“In every film I watch I’m on the side of the bad guy.”
It’s understandable that Austin Post would feel that way. His musical style fueled his rapid ascent to the heights of mainstream success. When an artist rises that quickly there’s an immediate backlash questioning whether or not they deserved it. Did they sell out to go pop? Did the record label pay radio stations to play the music? Did a section of the audience support the artist ironically just for the lolz? Did the artist rip off the sound and style of others while getting a better marketing campaign than the originators? Add to that an endless obsession with the minutia of anyone labeled a celebrity, to the point you’re every move is filmed by someone with a cell phone and shared online, you’d feel like a “villain” in no time. I don’t envy the pressure that Post Malone feels in his life on a daily basis.
The fact that the video for “One Right Now” featuring The Weeknd plays out like a villain’s revenge fantasy makes perfect sense. It’s Post Malone having his Tony Montana moment, firing a high powered weapon at everyone trying to take him down, blood spraying on the concrete walls. The return fire draws blood and stains his perfect white suit, but at the end he shrugs it off and walks away head held high, having achieved his victory at any cost. That’s definitely villainous. Scarface didn’t survive the finale of his flick. What may be even more interesting is that the song borrows from the same 1980’s playbook as “Blinding Lights.” The production team of Louis Bell, Brian Lee, and Andrew Bolooki give the song a throwback synth funk perfect for pop radio, paired with explicit lyrics that are anything but.
The second single “Cooped Up” is different visually but similar in almost every other way. This time the guest star is Roddy Ricch, and it’s a joint venture in more ways than one with Post and Bell co-producing the track. Malone described the inspiration for this album as “everyone in America is going a little bit crazy sitting at home all day” during the pandemic. The song’s title makes that clear even though Ricch tells a much different story. “Post he took me on my first damn tour date/he had me rocking every day, sold out arenas.” I suppose that’s the post-vaccination rebound, and that bounce can be heard in the thumping bass of the track. There’s definitely not any social distancing in the video. Ricch and Post stand in the middle of a throng of people living their best life to the beat. That’s what Malone is doing even in the songs that only have a “visualizer.”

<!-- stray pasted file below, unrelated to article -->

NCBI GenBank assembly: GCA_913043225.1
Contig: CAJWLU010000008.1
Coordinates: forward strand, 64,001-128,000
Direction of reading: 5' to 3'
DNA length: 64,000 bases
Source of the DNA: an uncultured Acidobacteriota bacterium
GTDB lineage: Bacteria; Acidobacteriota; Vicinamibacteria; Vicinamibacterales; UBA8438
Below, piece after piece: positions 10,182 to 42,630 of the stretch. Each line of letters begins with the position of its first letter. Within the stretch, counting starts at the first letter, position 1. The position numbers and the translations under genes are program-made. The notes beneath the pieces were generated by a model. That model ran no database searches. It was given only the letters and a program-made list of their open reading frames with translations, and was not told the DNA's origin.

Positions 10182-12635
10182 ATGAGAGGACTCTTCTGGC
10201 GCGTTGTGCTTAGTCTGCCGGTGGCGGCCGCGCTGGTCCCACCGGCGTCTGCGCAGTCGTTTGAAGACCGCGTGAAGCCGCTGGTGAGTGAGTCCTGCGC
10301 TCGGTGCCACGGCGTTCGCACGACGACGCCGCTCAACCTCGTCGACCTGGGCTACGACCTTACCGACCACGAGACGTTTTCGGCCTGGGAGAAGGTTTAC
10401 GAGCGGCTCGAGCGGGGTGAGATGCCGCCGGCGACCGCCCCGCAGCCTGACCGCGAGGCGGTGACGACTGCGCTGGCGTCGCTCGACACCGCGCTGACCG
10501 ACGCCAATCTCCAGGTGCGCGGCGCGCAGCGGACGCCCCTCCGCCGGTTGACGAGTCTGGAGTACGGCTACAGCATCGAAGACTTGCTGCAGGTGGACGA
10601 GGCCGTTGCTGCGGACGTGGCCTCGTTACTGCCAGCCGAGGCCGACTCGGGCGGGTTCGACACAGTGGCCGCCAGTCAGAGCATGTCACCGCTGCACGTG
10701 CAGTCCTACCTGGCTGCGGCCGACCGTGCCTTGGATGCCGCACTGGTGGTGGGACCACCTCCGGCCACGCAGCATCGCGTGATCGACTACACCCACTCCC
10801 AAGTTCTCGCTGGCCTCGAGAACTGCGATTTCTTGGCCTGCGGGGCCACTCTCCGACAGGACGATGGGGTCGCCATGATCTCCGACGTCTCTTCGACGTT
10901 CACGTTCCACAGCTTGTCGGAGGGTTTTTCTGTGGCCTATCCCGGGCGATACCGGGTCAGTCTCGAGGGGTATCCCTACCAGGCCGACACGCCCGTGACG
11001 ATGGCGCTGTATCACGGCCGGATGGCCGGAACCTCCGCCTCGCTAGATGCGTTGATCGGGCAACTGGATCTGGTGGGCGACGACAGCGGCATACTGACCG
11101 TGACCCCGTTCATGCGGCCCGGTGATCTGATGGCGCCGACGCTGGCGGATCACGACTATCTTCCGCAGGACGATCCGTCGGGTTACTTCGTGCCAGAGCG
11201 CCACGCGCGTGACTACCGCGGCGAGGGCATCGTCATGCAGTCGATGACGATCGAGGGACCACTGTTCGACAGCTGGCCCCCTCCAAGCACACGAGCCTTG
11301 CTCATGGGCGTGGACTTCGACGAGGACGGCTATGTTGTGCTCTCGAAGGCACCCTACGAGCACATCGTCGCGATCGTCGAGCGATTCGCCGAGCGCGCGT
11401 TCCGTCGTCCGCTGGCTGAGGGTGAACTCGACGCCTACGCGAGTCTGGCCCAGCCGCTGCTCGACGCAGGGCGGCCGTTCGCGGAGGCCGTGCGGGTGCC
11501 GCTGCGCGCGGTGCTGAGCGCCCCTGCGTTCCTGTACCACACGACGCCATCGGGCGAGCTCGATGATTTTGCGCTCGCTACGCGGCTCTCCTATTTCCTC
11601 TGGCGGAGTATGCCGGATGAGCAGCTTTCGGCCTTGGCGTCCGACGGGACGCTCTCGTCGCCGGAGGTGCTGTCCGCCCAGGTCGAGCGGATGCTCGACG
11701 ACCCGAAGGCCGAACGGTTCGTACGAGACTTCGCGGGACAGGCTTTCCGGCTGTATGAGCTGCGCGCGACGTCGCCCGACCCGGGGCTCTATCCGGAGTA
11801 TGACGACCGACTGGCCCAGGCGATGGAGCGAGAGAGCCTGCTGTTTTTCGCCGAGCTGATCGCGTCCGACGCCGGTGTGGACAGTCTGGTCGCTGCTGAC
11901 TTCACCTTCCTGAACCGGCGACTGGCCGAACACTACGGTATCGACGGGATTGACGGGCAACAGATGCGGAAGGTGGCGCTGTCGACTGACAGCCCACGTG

“I was wrapped around your finger, wrapped around your finger, then I shot back down to earth.” It’s tempting to look for deeper meaning in the 43 minutes of “Twelve Carat Toothache” or songs like “Wrapped Around Your Finger” until you find it. “This means something. This is important.” Does it though? For better or worse Malone is the same as he ever was, except his pop music sensibilities have been refined even further. “I Like You” featuring Doja Cat hasn’t been released as a single yet, and I’d be stunned if it wasn’t.
It’s clear that Post Malone struggles with the celebrity spotlight. You wouldn’t title a song “Love/Hate Letter to Alcohol” if you weren’t using it as a coping mechanism for the intense pressure. Even that is an echo of his past albums though. Singing about the excesses in his life is what has made him relatable to his audience. His bank account may not be comparable, but the YOLO mindset has a foothold in our increasingly turbulent world. Why not live for today if World War III is tomorrow?
Post and his fans are both “Waiting For a Miracle” that’s unlikely to come. There’s no quick fix for war, infectious diseases, daily mass shootings, the opioid epidemic, systemic racism and police brutality. No “finger snap” can change all of that.
Even if Post Malone was inspired to create by being cooped up at home, I don’t hear a significant difference in his style or his content. “Twelve Carat Toothache” doesn’t reveal a new facet of Austin Post, it just shines an even brighter light on the jewels that he drops. I can’t really classify those gems as knowledge though. There are certainly moments of reflection and introspection, but nothing Malone is singing about suggests that the events of the last three years changed him as a person or as an artist. That’s fine. I’m not looking for some great revelation from a guy who sings about the self-inflicted emotional roller coaster he rides on. The ride is the point. His music is about the journey, not the destination.